Since making aliyah over thirty years ago, Mr. Landau has spent countless nights delivering packages as gestures of gratitude to the young soldiers on duty in order to make their service more pleasant. In 2003, he founded Standing Together to expand this mission and to enable others to express appreciation to these heroes throughout Israel.

Standing Together typically delivers late-night snacks to soldiers stationed at checkpoints and bases throughout Israel. With two mobile canteens – dairy and meat of course, which Mr. Landau calls “hospitality trailers” – that are laden with equipment and food, he brings volunteers, tour groups, and visiting families to the soldiers so they can help distribute these tokens of appreciation.

IDF soldiers recharging their cell phones, among other things, at the recharging station during Operation Cast Lead.

In times of crisis though, the mission of the organization changes. During the Lebanon War in 2006, Mr. Landau’s frequent trips North provided soldiers with socks, which had become a scarcity. During Operation Cast Lead in 2009, the trailer’s electrical recharging station gave soldiers a chance to speak with loved ones back home. Most recently in Operation Pillar of Defense, it was the Standing Together trailers that sometimes brought soldiers their first meal in a day.

“It isn’t that the IDF is unprepared or disorganized, chas v’shalom [“Heaven forbid” -Ed.]” Mr. Landau explained. “The IDF faces very real threats from our enemies who surround us, and that’s where the money goes.” So while thermal underwear might seem like a trivial expense in a budget that measures in the billions, given the choice between that or ammunition, the IDF has to choose the latter.

Mr. Landau takes pride in the fact that Standing Together is so agile, delivering pizza one night and personal essentials the next day. “Larger organizations can reach more soldiers at once, but it takes time for them to get moving. We can reach the soldiers much more quickly. And we do it much more personally,” he added, grinning. When asked about the administrative overhead for the organization, he explained that because they were funded by charitable donations, 100% of the funds donated for specific causes – such as the cold weather clothing campaign – go towards that campaign. He draws no salary from the organization.

Mr Landau assured the major that he would be able to get warm winter clothing to his soldiers and hung up the phone. Within hours, Standing Together’s online campaign to purchase military-approved special gloves (thermal fleece with trigger-finger slits, pictured above) and thermal underwear for these soldiers was underway. The speed and generosity of the response to the campaign was overwhelming, and the first order for gloves was placed.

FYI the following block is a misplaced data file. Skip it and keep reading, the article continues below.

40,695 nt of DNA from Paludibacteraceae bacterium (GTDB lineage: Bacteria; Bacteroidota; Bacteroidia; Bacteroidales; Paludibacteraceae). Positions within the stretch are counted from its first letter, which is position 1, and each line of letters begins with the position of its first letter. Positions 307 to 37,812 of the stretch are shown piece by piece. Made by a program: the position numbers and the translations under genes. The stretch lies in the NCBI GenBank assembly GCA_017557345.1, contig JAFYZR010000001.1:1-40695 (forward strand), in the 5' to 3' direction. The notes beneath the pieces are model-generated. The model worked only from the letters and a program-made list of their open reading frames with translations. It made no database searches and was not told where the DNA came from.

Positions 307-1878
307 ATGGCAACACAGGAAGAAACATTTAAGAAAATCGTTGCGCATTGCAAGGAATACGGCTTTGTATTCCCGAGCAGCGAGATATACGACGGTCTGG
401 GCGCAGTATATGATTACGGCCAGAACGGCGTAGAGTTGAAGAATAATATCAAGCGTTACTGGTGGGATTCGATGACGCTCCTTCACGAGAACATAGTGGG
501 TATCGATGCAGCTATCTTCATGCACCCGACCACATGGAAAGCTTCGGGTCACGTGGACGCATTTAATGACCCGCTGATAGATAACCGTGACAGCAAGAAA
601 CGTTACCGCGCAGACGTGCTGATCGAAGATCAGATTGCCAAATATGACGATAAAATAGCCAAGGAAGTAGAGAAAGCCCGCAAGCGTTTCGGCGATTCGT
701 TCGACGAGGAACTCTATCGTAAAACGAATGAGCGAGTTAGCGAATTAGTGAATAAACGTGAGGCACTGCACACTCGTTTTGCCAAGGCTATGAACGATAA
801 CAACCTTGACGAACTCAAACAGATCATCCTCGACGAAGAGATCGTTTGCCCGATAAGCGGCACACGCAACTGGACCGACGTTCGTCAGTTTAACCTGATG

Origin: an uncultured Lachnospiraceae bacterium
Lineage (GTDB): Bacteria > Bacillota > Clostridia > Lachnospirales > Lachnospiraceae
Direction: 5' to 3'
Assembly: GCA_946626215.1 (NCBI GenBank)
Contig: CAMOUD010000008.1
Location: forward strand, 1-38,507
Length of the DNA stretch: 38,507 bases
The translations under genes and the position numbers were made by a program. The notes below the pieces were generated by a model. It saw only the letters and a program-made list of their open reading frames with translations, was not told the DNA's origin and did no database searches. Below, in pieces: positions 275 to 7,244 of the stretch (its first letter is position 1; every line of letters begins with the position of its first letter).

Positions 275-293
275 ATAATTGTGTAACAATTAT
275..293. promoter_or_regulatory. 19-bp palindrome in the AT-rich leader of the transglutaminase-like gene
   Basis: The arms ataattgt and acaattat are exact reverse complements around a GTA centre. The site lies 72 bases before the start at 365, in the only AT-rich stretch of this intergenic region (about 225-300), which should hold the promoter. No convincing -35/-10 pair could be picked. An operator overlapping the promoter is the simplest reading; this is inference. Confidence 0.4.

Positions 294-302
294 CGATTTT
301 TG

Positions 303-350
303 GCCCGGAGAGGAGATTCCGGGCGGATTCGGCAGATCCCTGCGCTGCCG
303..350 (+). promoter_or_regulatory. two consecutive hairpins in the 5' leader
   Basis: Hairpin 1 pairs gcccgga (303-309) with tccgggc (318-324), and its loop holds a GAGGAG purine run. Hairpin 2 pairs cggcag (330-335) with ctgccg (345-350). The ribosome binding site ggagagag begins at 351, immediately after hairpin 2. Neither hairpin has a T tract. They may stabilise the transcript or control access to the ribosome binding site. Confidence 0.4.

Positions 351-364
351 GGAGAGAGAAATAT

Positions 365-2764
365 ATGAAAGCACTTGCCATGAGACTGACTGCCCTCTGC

To donate to Standing Together for the Golan Winter Clothing campaign, visit http://www.stogether.org/golanwinter

Syrian Gunfire on the Golan

Sunday, November 25th, 2012

For the second time today, gunfire from Syria crossed the border into Israel on the Golan Heights.

An IDF vehicle was nearly hit. No injuries were reported.

UNCONFIRMED: Syria Attacked Israeli Bases on Golan

Thursday, November 15th, 2012

Unconfirmed reports from Arab media: Syria has attacked Israeli bases in Golan in retaliation to the aggression on Gaza. Unconfirmed. Investigating…

Update: As this report from the Arab media cannot be confirmed at this time, we are assuming it’s false.

Syrian Rebels, “Eagles of the Golan”, Take Over In Syria-Israel Demilitarized Zone

Wednesday, November 14th, 2012

Syrian rebel soldiers calling themselves “Eagles of the Golan” have taken over Beerajam and Bariqa in Southern Syria, in an area which serves as a demilitarized zone between Israel and the country to the north.

The area around Kuneitra was likely taken because of an armistice forbidding Syria from engaging in military activity in the six-mile-wide area along Israel’s border, providing refuge to rebels not obligated under that law.

Israel has not taken an official position on the months-long civil war.  However, Eagles of the Golan, which is largely comprised of Al-Qaida operatives, has said that it will turn its sites on Israel after it defeats Syrian President Bashar Assad.

On Tuesday night, France became the first Western country to recognize the new opposition.

The Syrian Arab Red Crescent said that more than 2.5 million people have been displaced since the fighting began in 2011.

The UN has said it will provide aid to half a million people by the end of the year, including basic necessities such as blankets, warm clothing and cooking supplies.

IDF Tanks Shell Syrian Positions after Mortar Shell Lands on the Golan

Monday, November 12th, 2012

Late Monday afternoon, Israel time, a mortar shell hit an open area in the vicinity of an IDF post in the central Golan Heights, as part of the internal conflict inside Syria, causing no damage or injuries.

In response, IDF soldiers fired tank shells towards the source of the fire, confirming direct hits.

The IDF has filed a complaint with the UN forces operating in the area, stating that fire emanating from Syria into Israel will not be tolerated and shall be responded to with severity.

Yesterday, a mortar shell hit an IDF post in the Golan Heights adjacent to the Israel-Syria border, also as part of the internal conflict inside Syria. In response, IDF soldiers fired warning shots towards Syrian areas, as well as an advanced Tamuz rocket, and the IDF filed a complaint through the UN forces operating in the area, stating that fire emanating from Syria into Israel will not be tolerated and shall be responded to with severity.

Last Sunday (November 4), Chief of the General Staff Lt. Gen. Benny Gantz toured the Golan Heights together with commanders of the Gaash Formation, which is responsible for protecting the region around the Syrian border. “This is a Syrian issue that could become our issue,” the Chief of Staff then said of the ongoing fighting in Syria, instructing forces in the field to remain alert in protecting the Golan Heights and preventing violence from spilling across the border.

Printed from: http://www.jewishpress.com/news/breaking-news/idf-tanks-shell-syrian-positions-after-mortar-shell-lands-on-the-golan/2012/11/12/